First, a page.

Previous research suggested the heliosphere, a giant bubble around the Sun and its planets, including Earth, has a long tail, similar to that of a comet.
Recent research carried out at the US space agency NASA has revealed that the shape of the heliosphere, or “bubble” surrounding our solar system is crescent-shaped, or a “deflated croissant”.
The results, published in Nature Astronomy in March and featured on the journal’s cover for July, were presented after scientists used data from a spate of NASA missions to predict the shape of the magnetic bubble that encases all of the planets in our system.
A picture of the bubble from the inside is achieved by observing charged particles that fly towards Earth from distant part of the galaxy as well as within our solar system, and bounce off the bubble and around it. They then come to Earth, where they can be measured.
NASA’s Cassini spacecraft takes image of Saturn.
A NASA mission known as the Interstellar Boundary Explorer used the particles as a “radar”, watching them bounce off the edges to figure out where that edge might be and predict the actual shape of the heliosphere.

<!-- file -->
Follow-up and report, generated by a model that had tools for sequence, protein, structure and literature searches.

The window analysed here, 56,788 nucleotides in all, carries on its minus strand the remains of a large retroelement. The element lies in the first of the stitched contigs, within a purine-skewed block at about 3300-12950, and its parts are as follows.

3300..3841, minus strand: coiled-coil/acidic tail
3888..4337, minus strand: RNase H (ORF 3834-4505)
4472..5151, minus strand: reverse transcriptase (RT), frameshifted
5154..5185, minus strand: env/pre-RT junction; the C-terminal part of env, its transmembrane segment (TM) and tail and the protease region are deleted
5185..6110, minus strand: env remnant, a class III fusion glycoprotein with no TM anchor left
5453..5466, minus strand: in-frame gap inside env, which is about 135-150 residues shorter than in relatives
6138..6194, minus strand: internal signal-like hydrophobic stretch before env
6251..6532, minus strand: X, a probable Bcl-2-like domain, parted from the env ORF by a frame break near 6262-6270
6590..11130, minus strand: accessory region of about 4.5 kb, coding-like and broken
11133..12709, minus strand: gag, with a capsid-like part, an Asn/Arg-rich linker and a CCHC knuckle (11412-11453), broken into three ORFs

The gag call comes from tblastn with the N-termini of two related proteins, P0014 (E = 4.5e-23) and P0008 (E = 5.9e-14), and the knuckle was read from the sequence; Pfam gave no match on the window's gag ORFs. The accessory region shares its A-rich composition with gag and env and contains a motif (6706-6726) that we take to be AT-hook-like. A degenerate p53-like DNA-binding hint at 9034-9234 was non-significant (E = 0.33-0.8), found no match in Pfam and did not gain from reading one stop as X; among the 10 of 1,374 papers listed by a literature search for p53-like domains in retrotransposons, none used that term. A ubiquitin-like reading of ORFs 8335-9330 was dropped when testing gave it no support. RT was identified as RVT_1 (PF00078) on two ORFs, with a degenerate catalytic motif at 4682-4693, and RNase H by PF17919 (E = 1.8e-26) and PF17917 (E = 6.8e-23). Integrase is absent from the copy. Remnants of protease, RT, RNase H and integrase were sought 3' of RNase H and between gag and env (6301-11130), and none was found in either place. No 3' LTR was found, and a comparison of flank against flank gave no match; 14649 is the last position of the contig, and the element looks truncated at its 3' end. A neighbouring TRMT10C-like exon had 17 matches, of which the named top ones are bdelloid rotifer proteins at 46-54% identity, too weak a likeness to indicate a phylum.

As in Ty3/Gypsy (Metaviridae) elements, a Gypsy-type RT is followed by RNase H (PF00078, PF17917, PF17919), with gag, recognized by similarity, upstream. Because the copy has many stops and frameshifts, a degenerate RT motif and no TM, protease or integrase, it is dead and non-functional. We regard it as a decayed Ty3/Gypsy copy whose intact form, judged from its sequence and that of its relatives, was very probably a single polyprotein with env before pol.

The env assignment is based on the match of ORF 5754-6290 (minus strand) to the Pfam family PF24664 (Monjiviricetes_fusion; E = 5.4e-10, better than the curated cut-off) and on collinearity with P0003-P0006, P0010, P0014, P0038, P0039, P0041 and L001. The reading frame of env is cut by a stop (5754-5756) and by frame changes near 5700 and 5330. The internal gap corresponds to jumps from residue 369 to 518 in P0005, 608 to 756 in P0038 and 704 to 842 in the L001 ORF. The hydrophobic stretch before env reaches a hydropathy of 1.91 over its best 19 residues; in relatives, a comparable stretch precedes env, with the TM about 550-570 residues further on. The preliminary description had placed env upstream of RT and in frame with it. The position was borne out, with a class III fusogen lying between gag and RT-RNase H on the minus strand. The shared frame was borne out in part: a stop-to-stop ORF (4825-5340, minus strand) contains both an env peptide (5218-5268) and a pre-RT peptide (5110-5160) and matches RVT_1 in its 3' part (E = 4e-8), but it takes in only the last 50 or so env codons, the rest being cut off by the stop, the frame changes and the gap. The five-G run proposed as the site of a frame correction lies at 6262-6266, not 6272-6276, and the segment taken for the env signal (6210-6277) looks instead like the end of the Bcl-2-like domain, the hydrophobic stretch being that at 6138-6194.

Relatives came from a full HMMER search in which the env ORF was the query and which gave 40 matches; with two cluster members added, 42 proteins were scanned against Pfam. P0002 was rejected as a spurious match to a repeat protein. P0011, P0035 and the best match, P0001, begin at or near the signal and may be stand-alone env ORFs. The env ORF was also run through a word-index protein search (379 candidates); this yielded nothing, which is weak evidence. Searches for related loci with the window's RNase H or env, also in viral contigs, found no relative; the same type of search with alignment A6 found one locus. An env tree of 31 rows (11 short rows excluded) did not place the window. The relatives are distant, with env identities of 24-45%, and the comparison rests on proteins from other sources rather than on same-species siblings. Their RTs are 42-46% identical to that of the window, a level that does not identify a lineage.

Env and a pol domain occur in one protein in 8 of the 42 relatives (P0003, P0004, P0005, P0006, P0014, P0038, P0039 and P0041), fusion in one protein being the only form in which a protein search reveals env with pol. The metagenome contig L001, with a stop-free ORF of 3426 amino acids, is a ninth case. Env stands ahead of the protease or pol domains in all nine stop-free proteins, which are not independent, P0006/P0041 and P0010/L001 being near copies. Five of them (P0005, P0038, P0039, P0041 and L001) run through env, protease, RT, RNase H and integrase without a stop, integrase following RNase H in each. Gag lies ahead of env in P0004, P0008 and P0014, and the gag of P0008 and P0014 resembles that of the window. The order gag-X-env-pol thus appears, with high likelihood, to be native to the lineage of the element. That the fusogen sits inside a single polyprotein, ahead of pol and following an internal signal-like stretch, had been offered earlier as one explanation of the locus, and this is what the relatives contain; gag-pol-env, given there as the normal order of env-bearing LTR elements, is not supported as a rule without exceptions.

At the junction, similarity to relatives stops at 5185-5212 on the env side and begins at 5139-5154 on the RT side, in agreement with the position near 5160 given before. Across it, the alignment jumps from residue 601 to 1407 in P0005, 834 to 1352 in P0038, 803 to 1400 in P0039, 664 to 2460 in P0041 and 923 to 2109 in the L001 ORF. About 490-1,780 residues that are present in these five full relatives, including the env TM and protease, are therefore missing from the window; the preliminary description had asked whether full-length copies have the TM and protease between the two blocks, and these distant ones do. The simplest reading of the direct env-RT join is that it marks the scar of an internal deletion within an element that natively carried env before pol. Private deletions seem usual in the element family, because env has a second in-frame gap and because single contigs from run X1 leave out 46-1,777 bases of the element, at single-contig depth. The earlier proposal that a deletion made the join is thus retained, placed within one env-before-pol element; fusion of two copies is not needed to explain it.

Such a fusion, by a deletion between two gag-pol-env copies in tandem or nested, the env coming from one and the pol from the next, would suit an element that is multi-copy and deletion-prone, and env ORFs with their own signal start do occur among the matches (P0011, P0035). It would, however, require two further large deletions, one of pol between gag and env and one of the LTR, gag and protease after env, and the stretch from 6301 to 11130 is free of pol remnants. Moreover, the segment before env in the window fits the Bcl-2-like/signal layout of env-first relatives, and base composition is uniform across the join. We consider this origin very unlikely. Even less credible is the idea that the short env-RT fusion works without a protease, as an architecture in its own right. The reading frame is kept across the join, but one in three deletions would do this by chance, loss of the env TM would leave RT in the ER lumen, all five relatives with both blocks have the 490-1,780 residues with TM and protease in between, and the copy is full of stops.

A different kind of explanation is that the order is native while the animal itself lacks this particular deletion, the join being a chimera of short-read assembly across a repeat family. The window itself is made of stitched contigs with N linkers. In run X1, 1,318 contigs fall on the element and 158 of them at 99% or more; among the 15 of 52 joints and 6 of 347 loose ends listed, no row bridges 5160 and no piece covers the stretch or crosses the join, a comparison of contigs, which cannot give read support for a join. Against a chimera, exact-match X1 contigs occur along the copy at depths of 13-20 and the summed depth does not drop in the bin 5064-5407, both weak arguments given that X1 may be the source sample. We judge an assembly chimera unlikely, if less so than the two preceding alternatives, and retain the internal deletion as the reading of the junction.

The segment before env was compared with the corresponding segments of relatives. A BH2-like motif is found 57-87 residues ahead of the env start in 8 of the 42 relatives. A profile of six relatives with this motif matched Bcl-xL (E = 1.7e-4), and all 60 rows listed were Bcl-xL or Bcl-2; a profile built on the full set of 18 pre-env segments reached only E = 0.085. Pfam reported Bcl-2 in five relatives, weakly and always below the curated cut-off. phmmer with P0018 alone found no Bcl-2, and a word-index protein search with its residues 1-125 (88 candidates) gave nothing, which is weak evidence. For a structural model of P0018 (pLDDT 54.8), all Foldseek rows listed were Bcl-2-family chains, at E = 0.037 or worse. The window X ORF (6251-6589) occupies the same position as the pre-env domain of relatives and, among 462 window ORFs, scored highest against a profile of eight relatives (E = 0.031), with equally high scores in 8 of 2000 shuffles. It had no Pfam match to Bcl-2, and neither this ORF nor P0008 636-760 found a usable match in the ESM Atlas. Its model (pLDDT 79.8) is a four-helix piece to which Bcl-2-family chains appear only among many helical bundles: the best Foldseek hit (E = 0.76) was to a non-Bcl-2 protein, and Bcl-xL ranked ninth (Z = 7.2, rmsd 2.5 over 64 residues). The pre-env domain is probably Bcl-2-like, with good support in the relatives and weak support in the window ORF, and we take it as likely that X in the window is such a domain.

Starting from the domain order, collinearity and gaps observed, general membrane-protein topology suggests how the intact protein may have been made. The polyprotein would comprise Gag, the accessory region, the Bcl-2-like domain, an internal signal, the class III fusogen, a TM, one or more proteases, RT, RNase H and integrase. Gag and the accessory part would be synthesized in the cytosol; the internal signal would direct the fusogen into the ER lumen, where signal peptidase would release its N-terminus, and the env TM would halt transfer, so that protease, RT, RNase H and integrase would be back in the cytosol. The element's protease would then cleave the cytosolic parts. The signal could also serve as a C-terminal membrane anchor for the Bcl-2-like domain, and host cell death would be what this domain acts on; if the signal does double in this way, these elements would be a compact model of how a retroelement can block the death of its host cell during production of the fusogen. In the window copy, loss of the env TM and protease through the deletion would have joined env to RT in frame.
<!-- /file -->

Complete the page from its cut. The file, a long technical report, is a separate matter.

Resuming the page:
Information was also used from NASA’s missions to other planets – such as the Cassini mission to Jupiter, and the New Horizons mission to Jupiter and Pluto that headed further out into our solar system.
The planet Pluto is pictured in a handout image made up of four images from New Horizons’ Long Range Reconnaissance Imager (LORRI) taken in July 2015 combined with color data from the Ralph instrument to create this enhanced color global view
Scientists used computer models to turn the data into a prediction of the heliosphere’s characteristics, said Merav Opher, lead author of the new research, who heads the NASA- and NSF-funded DRIVE Science Center at Boston University.
Traditionally, depictions of that bubble have presented it as closely resembling a comet, with a long trail behind it.
The heliosphere, a vast region of space which surrounds and is created by the Sun in the surrounding interstellar medium, is continuously “inflated” by plasma known as the solar wind. Radiation levels inside and outside the heliosphere differ, with the galactic cosmic rays less profuse inside the heliosphere, with planets, such as our Earth, partly shielded from their impact.
Thus, the “bubble” acts as our solar system’s shield against the rest of the galaxy.
NASA studies has been conducting studies into the heliosphere to better understand fundamental physics of space surrounding earth and to glean information regarding space throughout the rest of the universe, as well as regarding what makes planets habitable.